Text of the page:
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A stitch in time saves nine. But not all neonatal units believe in this saying and use different methods to secure oral endotracheal tubes in neonates who require ventilatory support. Success in stabilising a premature infant is best achieved by least intervention and good ventilatory support. A stable oral endotracheal tube will help. A naso-oral endotracheal tube is extremely easy to stabilise; however, stabilisation is not routinely performed in the United Kingdom.
Three commonly used methods are: (a) stitching the tube to a plastic flange; (b) fixing a premeasured and cut tube in a flange with adhesive tape; (c) fixing a premeasured and cut tube into a tight fitting flange. In all three methods, the tube is secured by tying it to the baby’s hat.
Normally, weight or foot length is used to determine endotracheal tube size, and this is quite reliable. However, head movement, suctioning, and patient care can all cause instability and displacement of the tube.1,2 If the tube is too short, there will be ineffective ventilation. If the tube is too long, it may collapse resulting in selective ventilation. A precut tube is difficult to manipulate if the positioning is not satisfactory. This is not a major problem in a stitched tube. There are pros and cons to each method.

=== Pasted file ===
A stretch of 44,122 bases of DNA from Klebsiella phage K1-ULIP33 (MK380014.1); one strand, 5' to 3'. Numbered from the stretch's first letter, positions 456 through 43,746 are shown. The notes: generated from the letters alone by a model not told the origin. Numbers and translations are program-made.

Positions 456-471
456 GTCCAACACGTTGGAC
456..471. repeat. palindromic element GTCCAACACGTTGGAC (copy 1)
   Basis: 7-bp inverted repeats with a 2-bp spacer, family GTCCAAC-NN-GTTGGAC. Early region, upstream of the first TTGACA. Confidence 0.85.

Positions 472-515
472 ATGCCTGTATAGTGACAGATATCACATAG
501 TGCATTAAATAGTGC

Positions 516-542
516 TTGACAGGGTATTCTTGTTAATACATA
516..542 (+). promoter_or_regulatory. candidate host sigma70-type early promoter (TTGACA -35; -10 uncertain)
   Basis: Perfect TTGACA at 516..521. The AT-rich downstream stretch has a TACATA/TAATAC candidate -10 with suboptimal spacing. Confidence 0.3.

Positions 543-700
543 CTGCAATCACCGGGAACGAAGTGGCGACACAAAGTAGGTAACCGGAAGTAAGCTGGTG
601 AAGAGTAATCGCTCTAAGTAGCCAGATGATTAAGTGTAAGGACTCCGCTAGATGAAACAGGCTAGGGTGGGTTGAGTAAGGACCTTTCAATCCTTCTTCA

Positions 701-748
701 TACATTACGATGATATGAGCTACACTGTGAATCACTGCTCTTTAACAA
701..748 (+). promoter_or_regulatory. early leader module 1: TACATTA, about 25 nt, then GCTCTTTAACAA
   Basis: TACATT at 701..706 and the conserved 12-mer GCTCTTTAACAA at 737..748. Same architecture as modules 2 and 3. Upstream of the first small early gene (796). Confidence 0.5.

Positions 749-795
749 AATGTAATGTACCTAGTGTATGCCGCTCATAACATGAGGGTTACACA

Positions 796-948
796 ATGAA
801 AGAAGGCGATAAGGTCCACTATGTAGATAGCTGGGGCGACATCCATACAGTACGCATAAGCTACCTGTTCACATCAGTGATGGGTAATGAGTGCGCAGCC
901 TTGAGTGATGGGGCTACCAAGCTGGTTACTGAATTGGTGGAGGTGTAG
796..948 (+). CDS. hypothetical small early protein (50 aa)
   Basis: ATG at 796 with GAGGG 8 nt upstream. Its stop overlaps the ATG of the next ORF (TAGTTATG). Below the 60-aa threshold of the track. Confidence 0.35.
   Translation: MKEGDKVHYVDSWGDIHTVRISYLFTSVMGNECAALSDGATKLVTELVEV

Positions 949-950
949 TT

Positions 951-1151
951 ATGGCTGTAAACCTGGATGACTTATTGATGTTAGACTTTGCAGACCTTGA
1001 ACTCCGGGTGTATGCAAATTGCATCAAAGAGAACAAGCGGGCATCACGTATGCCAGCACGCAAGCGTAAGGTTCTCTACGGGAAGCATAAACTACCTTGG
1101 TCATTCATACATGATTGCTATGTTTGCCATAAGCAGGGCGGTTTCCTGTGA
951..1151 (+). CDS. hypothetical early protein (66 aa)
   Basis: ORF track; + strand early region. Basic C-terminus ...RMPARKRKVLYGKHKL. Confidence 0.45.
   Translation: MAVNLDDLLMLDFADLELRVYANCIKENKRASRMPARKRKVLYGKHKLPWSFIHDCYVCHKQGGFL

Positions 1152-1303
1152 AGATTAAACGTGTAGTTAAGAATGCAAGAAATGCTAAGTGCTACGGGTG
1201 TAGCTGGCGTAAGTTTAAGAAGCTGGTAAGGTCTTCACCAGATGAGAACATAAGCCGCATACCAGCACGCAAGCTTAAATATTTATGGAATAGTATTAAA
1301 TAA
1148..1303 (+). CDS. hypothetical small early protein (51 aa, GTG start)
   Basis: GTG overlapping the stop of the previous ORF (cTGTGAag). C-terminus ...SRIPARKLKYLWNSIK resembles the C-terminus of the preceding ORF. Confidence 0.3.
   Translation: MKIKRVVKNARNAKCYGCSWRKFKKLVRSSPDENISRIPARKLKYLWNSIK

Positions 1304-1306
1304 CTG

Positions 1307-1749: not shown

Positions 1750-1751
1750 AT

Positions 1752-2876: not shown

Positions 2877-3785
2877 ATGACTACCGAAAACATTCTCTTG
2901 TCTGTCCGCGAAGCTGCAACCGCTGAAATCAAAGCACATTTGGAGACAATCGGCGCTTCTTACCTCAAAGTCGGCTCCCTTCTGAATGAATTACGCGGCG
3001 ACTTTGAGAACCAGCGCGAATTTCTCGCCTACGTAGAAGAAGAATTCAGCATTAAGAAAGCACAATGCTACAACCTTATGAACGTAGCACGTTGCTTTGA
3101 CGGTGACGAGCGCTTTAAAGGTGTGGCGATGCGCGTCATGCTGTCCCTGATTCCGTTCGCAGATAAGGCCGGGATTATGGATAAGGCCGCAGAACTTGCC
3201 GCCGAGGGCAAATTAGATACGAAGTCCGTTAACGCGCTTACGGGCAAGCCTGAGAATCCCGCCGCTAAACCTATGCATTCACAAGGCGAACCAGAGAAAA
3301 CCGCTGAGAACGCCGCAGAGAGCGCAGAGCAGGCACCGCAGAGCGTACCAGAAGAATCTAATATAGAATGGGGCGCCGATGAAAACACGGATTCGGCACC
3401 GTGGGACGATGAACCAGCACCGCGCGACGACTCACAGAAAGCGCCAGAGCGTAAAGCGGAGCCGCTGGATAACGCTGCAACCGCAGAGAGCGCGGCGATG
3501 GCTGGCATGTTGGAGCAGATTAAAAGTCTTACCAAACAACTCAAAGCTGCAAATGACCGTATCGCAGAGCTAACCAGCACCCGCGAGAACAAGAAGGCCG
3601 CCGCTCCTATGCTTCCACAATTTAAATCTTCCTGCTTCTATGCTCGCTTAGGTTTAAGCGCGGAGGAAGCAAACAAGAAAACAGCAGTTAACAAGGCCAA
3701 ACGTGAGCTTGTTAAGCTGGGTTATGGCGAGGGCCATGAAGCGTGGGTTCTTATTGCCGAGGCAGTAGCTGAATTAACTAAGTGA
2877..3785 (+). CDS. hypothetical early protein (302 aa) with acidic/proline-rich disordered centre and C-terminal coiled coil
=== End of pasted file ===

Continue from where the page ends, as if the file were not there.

There are no comparative studies from the United Kingdom to evaluate the benefits and disadvantages of each method. A search through the databases found no randomised trials comparing various techniques, except one study which compared an umbilical clamp with the routine fixing method.
Accidental extubation or unsatisfactory positioning of the tube may influence the reintubation rate. Securing and properly stabilising an endotracheal tube can solve this problem to a large extent.
A prospective randomised trial evaluating each method against reintubation criteria will help neonatal units to adopt the correct policy for their own situation.